University of California San Diego was awarded five
Rapid Acceleration of Diagnostics (RADx) projects by the National Institutes of Health (NIH), totaling nearly $33 million over four years. The purpose of the RADx initiative is to speed innovation in the development, commercialization and implementation of technologies for COVID-19 testing.
A nurse tests students for COVID-19 as they arrive on the UC San Diego campus.
Photo credit: Erik Jepsen/UC San Diego
There are several programs within the RADx initiative, including the RADx Underserved Populations (RADx-UP) program, which funds projects aimed at understanding why some communities are disproportionately affected by COVID-19 and reducing the factors associated with these disparities, and the RADx Radical (RADx-rad) program, which supports innovative approaches to addressing gaps in COVID-19 testing.
“The RADx program responds to the nation’s need for innovative solutions in diagnostic technologies that are people-centric, and utilize expertise in infectious diseases, informatics, data science, clinical pathology, bioengineering and many other related areas,” said Lucila Ohno-Machado, MD, PhD, chair of the Department of Biomedical Informatics at UC San Diego Health. “It includes, for example, artificial intelligence models that will help detect and prognosticate disease using novel sensors. Lessons learned from the current focus on COVID-19 will be leveraged in many other health sciences challenges, and data will be shared to accelerate other discoveries.”
UC San Diego’s RADx-rad and RADx-UP projects include:
: Lucila Ohno-Machado, MD, PhD, chair of the Department of Biomedical Informatics at UC San Diego Health, professor of medicine and associate dean for informatics and technology at UC San Diego School of Medicine, and founding faculty member of UC San Diego Halicioğlu Data Science Institute; Eliah Aronoff-Spencer, MD, PhD, assistant professor of medicine at UC San Diego School of Medicine and Qualcomm Institute at UC San Diego; Hua Xu, PhD, of University of Texas Health.Amount
: $23,817,692 over four years
This project will use advanced data management to coordinate a consortium of innovative COVID-¬19 diagnostic technology developers. The partnership between UC San Diego and the University of Texas Health Science Center at Houston brings together informatics/data scientists and infectious diseases specialists who will standardize viral samples, testing and procedures and data, in order to integrate and share data in a meaningful manner.
: Robert Tukey, PhD, professor of pharmacology at UC San Diego School of Medicine; Louise Laurent, MD, PhD, professor of obstetrics, gynecology and reproductive sciences, vice chair for translational research and director of perinatal research at UC San Diego School of MedicineAmount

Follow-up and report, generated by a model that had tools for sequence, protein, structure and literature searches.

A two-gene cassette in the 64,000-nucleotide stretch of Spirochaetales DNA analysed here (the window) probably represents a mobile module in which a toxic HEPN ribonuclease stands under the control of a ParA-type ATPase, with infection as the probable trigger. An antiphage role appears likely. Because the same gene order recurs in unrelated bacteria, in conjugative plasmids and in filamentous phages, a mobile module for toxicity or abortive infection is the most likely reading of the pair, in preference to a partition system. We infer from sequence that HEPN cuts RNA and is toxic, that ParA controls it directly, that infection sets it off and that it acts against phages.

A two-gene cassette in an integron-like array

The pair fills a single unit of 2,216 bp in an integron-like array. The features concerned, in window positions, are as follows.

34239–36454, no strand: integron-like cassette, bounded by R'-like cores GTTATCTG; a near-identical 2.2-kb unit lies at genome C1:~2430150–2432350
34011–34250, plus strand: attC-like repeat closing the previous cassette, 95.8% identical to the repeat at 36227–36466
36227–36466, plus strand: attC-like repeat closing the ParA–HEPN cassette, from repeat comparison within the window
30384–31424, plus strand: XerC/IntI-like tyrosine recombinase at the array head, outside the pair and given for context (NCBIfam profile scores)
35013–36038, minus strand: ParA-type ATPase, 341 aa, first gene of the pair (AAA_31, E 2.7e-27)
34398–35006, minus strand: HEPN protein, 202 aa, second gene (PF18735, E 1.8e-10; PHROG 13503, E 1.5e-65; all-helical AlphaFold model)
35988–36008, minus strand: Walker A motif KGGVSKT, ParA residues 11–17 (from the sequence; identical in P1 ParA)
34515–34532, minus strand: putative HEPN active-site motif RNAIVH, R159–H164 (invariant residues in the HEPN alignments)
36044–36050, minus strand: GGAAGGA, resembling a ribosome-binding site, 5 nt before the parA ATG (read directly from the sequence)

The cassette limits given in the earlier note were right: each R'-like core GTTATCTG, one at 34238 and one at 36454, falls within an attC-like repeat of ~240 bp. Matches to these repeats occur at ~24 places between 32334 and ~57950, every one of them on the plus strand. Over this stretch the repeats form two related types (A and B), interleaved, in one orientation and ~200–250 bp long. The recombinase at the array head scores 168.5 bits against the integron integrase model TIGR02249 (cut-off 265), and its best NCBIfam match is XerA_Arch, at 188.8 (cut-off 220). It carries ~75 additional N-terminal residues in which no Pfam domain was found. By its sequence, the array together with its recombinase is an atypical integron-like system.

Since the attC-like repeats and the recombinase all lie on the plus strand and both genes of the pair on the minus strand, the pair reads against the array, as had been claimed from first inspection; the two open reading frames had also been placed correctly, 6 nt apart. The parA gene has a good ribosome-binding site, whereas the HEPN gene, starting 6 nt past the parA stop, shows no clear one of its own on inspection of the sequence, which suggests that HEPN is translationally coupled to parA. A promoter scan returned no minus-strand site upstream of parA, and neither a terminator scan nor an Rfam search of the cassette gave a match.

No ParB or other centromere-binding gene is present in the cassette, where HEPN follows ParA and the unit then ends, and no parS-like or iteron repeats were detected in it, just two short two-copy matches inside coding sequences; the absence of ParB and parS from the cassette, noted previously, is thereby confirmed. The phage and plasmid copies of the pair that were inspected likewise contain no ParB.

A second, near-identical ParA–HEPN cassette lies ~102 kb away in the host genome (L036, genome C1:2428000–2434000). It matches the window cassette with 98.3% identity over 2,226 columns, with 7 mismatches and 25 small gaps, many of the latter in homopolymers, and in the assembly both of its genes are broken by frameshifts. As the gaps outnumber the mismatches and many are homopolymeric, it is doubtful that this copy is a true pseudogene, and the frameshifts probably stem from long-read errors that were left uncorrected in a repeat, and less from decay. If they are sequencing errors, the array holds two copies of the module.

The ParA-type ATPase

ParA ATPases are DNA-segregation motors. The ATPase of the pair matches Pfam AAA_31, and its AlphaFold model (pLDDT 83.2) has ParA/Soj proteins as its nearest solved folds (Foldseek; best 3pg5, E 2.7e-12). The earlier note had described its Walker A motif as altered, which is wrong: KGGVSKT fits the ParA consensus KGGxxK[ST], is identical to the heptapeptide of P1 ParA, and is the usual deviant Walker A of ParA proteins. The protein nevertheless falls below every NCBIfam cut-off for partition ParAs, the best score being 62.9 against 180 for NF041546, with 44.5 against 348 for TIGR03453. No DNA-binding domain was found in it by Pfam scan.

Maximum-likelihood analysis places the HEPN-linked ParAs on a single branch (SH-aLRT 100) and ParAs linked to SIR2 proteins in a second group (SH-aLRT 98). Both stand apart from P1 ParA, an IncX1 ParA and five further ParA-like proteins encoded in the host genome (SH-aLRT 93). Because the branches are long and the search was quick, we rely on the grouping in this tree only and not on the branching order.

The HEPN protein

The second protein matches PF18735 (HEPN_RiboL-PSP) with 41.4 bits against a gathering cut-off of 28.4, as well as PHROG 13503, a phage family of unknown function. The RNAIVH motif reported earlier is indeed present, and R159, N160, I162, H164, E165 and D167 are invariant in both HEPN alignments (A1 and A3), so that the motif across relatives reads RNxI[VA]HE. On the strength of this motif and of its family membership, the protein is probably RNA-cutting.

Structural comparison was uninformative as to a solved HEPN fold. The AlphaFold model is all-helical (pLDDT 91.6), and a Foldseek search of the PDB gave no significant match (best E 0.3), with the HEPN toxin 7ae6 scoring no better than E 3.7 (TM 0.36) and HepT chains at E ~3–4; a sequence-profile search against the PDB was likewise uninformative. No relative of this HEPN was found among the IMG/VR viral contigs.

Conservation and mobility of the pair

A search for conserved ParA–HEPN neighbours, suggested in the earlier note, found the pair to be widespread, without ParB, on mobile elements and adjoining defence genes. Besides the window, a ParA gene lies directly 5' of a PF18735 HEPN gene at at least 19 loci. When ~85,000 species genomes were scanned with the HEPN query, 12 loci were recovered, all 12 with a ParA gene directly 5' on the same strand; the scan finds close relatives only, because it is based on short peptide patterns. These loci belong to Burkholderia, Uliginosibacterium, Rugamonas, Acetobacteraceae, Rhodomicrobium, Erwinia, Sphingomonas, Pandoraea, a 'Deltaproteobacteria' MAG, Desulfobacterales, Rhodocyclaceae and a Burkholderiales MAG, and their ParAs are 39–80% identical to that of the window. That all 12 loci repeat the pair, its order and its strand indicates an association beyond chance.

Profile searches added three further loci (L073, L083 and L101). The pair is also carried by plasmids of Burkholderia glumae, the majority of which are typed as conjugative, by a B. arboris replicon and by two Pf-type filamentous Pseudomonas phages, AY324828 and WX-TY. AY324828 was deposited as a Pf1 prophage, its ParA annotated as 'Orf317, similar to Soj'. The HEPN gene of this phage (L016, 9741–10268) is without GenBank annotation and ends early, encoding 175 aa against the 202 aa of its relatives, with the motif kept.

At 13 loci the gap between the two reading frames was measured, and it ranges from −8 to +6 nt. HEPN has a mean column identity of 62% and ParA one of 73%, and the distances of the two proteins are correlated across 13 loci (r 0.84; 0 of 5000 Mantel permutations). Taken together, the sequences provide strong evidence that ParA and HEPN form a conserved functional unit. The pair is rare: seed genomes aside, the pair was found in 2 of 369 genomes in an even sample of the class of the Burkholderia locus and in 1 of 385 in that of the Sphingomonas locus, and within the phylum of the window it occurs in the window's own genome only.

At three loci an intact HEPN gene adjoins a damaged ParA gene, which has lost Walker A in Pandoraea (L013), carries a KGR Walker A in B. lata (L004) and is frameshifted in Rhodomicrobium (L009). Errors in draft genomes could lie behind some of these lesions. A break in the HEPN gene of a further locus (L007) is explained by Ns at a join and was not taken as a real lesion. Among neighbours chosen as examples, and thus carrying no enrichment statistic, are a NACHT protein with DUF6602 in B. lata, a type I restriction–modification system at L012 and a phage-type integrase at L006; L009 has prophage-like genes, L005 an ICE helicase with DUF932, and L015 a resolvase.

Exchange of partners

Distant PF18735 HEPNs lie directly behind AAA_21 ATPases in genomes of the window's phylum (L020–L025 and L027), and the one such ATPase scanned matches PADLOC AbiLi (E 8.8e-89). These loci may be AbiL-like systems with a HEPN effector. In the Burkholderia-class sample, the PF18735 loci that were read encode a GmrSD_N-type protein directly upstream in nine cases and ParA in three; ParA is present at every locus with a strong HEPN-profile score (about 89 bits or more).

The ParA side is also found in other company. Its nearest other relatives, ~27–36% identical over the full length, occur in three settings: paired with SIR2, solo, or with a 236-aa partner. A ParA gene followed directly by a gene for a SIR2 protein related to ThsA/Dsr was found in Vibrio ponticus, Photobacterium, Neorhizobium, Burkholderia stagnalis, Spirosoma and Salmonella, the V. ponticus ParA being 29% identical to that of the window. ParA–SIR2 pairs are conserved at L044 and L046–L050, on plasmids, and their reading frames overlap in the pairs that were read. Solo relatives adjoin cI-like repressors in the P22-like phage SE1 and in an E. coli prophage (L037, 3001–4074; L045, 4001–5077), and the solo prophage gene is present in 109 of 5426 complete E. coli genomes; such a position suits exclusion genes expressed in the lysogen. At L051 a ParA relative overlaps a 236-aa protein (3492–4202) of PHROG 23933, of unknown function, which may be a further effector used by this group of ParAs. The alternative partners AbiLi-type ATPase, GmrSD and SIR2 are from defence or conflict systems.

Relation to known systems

: $4,970,492 over two years
This study seeks to maximize COVID-19 testing among pregnant women and children in an area of San Diego near the United States-Mexico border that has been noted to have the highest local incidence of COVID-19.
: Jesse Nodora, DrPH, associate professor in the Herbert Wertheim School of Public Health and Human Longevity Science and director of Community Engagement at the Altman Clinical and Translational Research Institute at UC San Diego; Linda Hill, MD, professor, Herbert Wertheim School of Public Health; María Elena Martínez, PhD, professor in the Herbert Wertheim School of Public Health, Sam M. Walton Endowed Chair for Cancer Research, and associate director of Population Science, Disparities and Community Engagement at UC San Diego Moores Cancer CenterAmount
: $1,692,794 over two years
In partnership with Health Quality Partners of Southern California and the laboratory of Louise Laurent, MD, PhD, at UC San Diego School of Medicine, the study will develop, test and evaluate a rapid, scalable capacity building project to enhance COVID-19 testing in three regional community health centers in San Diego County. Testing will be conducted among asymptomatic individuals who are at increased risk for severe COVID illness. Investigators will also gather insights from patients, providers, health center leadership and community stakeholders to establish best practices for future scale-up of COVID-19 testing sustainability and vaccination.
: Jane Burns, MD, pediatrician at Rady Children’s Hospital-San Diego and director of the Kawasaki Disease Research Center at UC San Diego School of MedicineAmount
: $1,396,830 over two years
This project will define the antibody repertoire against all known human coronaviruses and determine how pre-existing antibodies to other coronaviruses may shape the immune response in acuteSARS-CoV-2 infection and multisystem inflammatory syndrome in children.
: Jesse Jokerst, PhD, professor of nanoengineering at UC San Diego Jacobs School of EngineeringAmount
: $1,045,704 over three years
This project will develop a “smart mask” that changes colors when exposed to enzymes of COVID-19 (Mpro and PLP proteases specific to the SARS viruses) found in saliva. The mask concentrates them from aerosolized saliva when the subject breathes and speaks. Biobank saliva samples are being leveraged to help determine the specificity of the mask.